WEDNESDAY AUG. 24
Most people know what it’s like to run into someone you know at a place you’re embarrassed to be, thus exposing something weird about you that you had been trying to hide (frozen pizza aisle, any department in TJMaxx, in line by yourself to see a romantic comedy, etc.). Steve Chabot today attributed his Monday night seizing of cameras at a public event to a similar concern over privacy, as if the few Chabot supporters in attendance were worried about it becoming public knowledge. The event was actually a town hall meeting in North Avondale where most of the 100 in attendance, two of whom had their little video cameras confiscated even though news outlets were filming the event, were there to protest Chabot’s policies. A Chabot spokesman later argued that media cameras are more respectful of the public’s privacy and would likely be censored should anyone refer to Chabot as a “(expletive) with a (adjective)-looking (noun).”
THURSDAY AUG. 25
The state of Ohio is facing some pretty big problems these days, with all the recessions and joblessness and
selling of public utilities budgetary issues going around. That’s why it was nice to learn today that one Ohio Republican is taking on a major issue facing the state: poor people smoking weed. State Sen. Tim Grendell (R-Some Small Place Nobody Cares About) today introduced legislation requiring anyone seeking unemployment benefits or welfare to submit to drug testing in order to assure that taxpayer money isn’t used for illegal drugs instead of what it’s meant for (the unhealthy foods available in low-economic areas?). The policy would require applicants to pay for the drug test up front and be reimbursed by the state if they pass, with the cost evening out as long as the number of people on drugs is as high as Grendell assumes based on what he’s seen in Rap videos.
FRIDAY AUG. 26
There are times when it seems like the people who run Cincinnati have really strange concerns, such as a rich guy’s chili restaurant renovation or where homeless people may and may not go to the bathroom (aren’t you glad Jeff Berding is gone?).
Nevertheless, today’s announcement of 22 individuals filing City Council candidacy papers offered much to feel optimistic about, as the field includes many lawyers, financial planners, ministers, former cops and even a lady who works for a “family fence company.” The most common campaign promises among the group are public safety, lower taxes and stopping the mayor from doing anything a single constituent doesn’t approve of.
SATURDAY AUG. 27
It’s one thing to rip on the Tea Party for being unoriginal, disingenuous or so stupid it took the Pepsi challenge and chose Jif (thanks mustsharejokes.com/yourmamajokes). Jesse Jackson today took criticizing the easily criticizable group to another level, suggesting that the people who somehow made it a relevant movement are the same type who resisted integration. Speaking in Washington at a dedication to Rev. Martin Luther King, Jr., Jackson noted the similarities in state’s rights philosophies between segregationists and today’s Tea Party, calling it a “new name for an old game.” Tea Party Nation founder Judson Phillips said the comparison is inaccurate, noting that the newest versions of Monopoly have black people on some of the Chance cards.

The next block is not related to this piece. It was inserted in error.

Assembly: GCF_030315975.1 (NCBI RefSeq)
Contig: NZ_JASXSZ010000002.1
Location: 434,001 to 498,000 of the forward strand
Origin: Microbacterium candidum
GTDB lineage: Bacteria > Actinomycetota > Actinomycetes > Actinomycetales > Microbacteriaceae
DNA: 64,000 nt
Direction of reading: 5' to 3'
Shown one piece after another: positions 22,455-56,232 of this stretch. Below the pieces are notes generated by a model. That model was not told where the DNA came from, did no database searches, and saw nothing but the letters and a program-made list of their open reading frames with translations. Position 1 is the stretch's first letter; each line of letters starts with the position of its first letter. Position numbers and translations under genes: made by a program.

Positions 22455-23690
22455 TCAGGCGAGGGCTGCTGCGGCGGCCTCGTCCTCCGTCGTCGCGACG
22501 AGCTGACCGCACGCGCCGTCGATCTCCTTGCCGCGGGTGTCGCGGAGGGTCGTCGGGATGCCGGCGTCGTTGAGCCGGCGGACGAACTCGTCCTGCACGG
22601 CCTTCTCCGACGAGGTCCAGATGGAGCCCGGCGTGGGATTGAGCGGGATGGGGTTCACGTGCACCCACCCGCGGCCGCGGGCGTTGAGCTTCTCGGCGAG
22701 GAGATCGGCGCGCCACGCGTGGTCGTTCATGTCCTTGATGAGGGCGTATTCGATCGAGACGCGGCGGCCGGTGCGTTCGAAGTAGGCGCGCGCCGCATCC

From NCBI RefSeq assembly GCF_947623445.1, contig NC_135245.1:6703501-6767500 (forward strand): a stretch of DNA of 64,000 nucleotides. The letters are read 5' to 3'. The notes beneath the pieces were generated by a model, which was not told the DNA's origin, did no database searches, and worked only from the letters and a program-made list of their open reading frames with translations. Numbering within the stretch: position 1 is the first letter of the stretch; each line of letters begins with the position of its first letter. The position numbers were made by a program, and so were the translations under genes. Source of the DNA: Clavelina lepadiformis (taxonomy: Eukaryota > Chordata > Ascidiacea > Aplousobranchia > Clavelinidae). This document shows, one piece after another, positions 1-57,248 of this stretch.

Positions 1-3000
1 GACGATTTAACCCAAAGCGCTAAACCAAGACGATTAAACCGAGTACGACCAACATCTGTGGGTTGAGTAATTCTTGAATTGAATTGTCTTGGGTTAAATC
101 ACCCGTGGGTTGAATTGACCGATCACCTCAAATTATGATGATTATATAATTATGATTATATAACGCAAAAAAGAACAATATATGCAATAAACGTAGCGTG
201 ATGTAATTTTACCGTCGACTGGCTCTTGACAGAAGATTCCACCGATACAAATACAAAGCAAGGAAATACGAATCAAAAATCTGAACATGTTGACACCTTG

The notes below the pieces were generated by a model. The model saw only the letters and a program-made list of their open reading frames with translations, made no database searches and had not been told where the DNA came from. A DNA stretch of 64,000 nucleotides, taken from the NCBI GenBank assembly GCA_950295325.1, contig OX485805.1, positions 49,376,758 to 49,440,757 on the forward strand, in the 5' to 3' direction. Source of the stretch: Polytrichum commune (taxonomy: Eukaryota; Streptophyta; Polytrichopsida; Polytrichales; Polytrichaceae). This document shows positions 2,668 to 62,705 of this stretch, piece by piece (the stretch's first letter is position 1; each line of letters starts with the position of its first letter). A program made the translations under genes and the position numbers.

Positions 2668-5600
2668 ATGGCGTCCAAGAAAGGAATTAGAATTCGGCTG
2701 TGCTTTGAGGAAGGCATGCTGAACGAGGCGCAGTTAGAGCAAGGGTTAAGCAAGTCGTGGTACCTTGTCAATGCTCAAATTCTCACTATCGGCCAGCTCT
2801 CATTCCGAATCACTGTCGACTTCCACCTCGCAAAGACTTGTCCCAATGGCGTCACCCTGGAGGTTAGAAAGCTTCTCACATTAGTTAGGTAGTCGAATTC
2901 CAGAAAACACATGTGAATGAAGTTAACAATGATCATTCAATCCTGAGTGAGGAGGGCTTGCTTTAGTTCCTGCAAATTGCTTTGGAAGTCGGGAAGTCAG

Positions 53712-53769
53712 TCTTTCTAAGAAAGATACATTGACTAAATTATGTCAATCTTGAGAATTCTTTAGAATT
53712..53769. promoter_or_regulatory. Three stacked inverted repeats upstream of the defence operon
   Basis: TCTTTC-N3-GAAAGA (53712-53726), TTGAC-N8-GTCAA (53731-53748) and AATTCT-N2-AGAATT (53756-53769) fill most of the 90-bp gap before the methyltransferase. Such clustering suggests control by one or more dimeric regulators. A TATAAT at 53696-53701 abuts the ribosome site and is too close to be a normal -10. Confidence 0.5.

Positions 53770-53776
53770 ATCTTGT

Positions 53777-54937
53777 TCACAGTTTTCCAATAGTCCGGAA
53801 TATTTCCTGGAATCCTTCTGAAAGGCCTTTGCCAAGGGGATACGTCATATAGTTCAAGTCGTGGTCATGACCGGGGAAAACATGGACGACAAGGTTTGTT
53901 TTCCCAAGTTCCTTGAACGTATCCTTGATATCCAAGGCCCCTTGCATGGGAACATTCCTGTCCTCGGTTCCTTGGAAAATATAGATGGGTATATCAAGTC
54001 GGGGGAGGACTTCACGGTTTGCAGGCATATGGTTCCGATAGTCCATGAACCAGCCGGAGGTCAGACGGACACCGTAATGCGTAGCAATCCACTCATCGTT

SUNDAY AUG. 28
Talking to scientists is always kind of crazy — you know they’re smarter than you but the slightest amount of eye contact makes them start talking so fast you can’t even pretend to be following. The AP today checked in with a group of extremely enthusiastic scientists on their own terms (by phone), reporting the details of a black hole eating a star 3.8 billion light years from Earth and then shooting matter out of its center at 80-90 percent of the speed of light (I know, right?!?). It gets better, via a NASA scientist: “As a star falls toward a black hole, it is ripped apart by intense tides. The gas is corralled into a disk that swirls around the black hole and becomes rapidly heated to temperatures of millions of degrees” (!!!).
MONDAY AUG. 29
People who have kids have a lot of stuff to worry about — lead-based paints, any small object, the longterm effects of partially hydrogenated soybean oil on little developing brains. A local woman recently expressed her concerns about a childcare center in Blue Ash in an online review, writing that she wouldn’t even send a pet to such a “horrible” school, a comment that likely led to the resultant lawsuit for defamation. The suit, according to the AP, is one of several that have been filed by Blue Ash Educational Building, which is asking for the removal of the online postings, monetary damages and a thorough reevaluation of the First Amendment and/or a new business idea.
TUESDAY AUG. 30
The Cincinnati Enquirer recently spent some time analyzing the rates of “gifted” students in affluent neighborhoods compared to city schools and found that rich kids are generally identified as gifted at a higher rate. The analysis suggested that because gifted students come from all socioeconomic backgrounds, the disparity in identifying gifted students is largely due to the screening process and not the fact that rich kids often go to Europe and have cell phones with the good Internet.
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